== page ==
There was a significantly larger reduction in alcohol intake among those in the abstinence group from 16.8±7.7 to 2.1±3.7 standard drinks per week (87.5% reduction) vs control group from 16.4±6.9 to 13.2±6.5 standard drinks per week (19.5% reduction);

At 6 months, AF recurrence occurred among 37 patients (53%) in the abstinence group vs 51 patients (73%) in the control group;

Time to AF recurrence was longer in the abstinence group vs control group, HR 0.55 (95% confidence interval, 0.36 - 0.84; p=0.005);

AF burden was significantly reduced in the abstinence group (0.5%) vs control group (1.2%), p=0.01.

Limitations and challenges

Overall, the study was well-designed and focused on an important lifestyle issue in relation to AF. The authors were able to demonstrate that alcohol abstinence improved outcomes among regular drinkers with AF.

Despite the encouraging results from the study by Voskoboinik et al.,14 there are several limitations and challenges that warrant further consideration. Firstly, majority of patients were males (85%), who consumed mainly wine and beer. Therefore, it was difficult to ascertain whether similar beneficial effects would be derived by abstinence from alcohol in female patients and those who consumed other types of alcoholic beverages. Secondly, different rhythm monitoring strategies were used among the patients during the follow-up period (n=53 (38%) had pacemaker or loop recorders; n=87 (62%) had AliveCor devices). Although this was balanced for both groups, the lack of continuous monitoring in the majority of patients may have accounted for the low overall percentage of AF burden despite recruiting a total of 52 patients (37%) with persistent AF. Thirdly, as acknowledged by theauthors, the secondary endpoints need to be interpreted with caution due to substantial amounts of missing data. Fourthly, the results of this study were heavily reliant on results from questionnaires which were subject to recall bias.

Furthermore, while this approach towards lifestyle modification may seem appealing for clinicians to consider in patients with AF who regularly consume alcohol, it may not be an ‘acceptable’ means of treatment from the perspective of many of these patients. This was clearly demonstrated in the study by Voskoboinik et al.14 where the authors had to reduce the period of abstinence to six months due to the unwillingness of many potential participants to adhere to abstinence for 12 months. Despite this reduction, a total of 491 patients were excluded following screening (70%) as they were not willing to consider abstinence. Subsequently, an additional 17 patients were excluded during the run-in period for the same reason. Among the 70 patients in the abstinence group, only 43 patients (61%) were successful in abstaining from alcohol over six months in spite of the advice, regular communication and positive reinforcements offered by study investigators. Nonetheless, these numbers may change with more evidence to support the beneficial effects of abstinence from alcohol in patients with AF. It is also likely to be a more relevant issue in the current era whereby nonvitamin K oral anticoagulants are the mainstay agents used for stroke prevention, as opposed to vitamin K antagonist where even minimal alcohol consumption may interfere with dose requirements.15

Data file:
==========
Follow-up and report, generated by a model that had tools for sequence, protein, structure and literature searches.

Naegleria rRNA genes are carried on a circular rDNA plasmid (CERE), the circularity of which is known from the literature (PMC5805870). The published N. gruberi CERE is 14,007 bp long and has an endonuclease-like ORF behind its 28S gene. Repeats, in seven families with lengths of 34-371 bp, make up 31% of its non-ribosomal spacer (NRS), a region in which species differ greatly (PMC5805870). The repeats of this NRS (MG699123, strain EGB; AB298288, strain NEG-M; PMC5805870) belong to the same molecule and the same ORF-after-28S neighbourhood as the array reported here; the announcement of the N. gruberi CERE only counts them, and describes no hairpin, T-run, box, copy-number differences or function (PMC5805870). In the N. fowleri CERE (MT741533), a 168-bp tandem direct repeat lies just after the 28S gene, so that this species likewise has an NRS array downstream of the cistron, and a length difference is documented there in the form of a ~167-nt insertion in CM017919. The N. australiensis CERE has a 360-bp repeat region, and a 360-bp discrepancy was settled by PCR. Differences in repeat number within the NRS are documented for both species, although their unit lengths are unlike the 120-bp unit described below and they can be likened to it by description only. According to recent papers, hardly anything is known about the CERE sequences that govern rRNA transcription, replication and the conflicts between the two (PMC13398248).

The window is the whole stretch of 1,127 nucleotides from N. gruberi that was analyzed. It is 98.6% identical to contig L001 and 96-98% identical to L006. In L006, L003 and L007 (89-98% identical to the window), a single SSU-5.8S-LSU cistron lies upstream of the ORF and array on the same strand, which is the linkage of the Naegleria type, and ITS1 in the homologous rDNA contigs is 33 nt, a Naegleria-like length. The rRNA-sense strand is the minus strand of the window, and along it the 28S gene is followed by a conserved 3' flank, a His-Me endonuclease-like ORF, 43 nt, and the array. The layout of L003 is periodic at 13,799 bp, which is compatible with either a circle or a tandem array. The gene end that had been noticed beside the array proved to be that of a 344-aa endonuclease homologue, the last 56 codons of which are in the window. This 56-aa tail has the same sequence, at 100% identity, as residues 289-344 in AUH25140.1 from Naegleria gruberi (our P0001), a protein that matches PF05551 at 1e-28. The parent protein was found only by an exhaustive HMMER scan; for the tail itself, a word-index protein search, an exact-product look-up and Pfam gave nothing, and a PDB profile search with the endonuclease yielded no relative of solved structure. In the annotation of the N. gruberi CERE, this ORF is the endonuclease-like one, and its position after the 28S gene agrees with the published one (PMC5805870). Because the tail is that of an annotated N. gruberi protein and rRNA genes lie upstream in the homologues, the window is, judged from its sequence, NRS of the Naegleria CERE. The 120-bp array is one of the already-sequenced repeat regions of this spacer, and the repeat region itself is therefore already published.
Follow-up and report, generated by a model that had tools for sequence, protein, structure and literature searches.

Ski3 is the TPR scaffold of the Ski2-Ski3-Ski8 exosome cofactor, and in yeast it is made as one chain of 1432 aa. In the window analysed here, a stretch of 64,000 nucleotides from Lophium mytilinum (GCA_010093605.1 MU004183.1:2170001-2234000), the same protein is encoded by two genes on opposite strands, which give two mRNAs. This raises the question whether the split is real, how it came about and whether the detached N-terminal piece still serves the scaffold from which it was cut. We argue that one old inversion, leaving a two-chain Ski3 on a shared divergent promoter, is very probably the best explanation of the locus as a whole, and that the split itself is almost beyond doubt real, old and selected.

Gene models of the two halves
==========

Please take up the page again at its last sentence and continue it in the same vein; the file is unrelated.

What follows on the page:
In conclusion, patients with modest alcohol consumption who successfully abstain from alcohol are likely to derive significant benefits in terms of AF management. However, this approach may be deemed unacceptable to many of these patients. Further evidence is needed to evaluate whether similar benefits may be observed among patients with AF who have less dramatic reductions in alcohol consumption.



  1. Office for National Statistics. Adult drinking habits in Great Britain: 2017. Released 1 May 2018.
  2. NHS Digital. Statistics on Alcohol, England 2018. Published 1 May 2018.
  3. Ronksley PE, Brien SE, Turner BJ, Mukamal KJ, Ghali WA. Association of alcohol consumption with selected cardiovascular disease outcomes: a systematic review and meta-analysis. BMJ 2011;342:d671.
  4. Ettinger PO, Wu CF, La Cruz CJ De, Weisse AB, Ahmed SS, Regan TJ. Arrhythmias and the ‘Holiday Heart’: alcoholassociated cardiac rhythm disorders. Am Heart J 1978;95:555– 62.
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  13. Qiao Y, Shi R, Hou B, Wu L, Zheng L, Ding L, et al. Impact of Alcohol Consumption on Substrate Remodeling and Ablation Outcome of Paroxysmal Atrial Fibrillation. J Am Heart Assoc 2015;4.
  14. Voskoboinik A, Kalman JM, Silva A De, Nicholls T, Costello B, Nanayakkara S, et al. Alcohol Abstinence in Drinkers with Atrial Fibrillation. N Engl J Med 2020;382:20–8.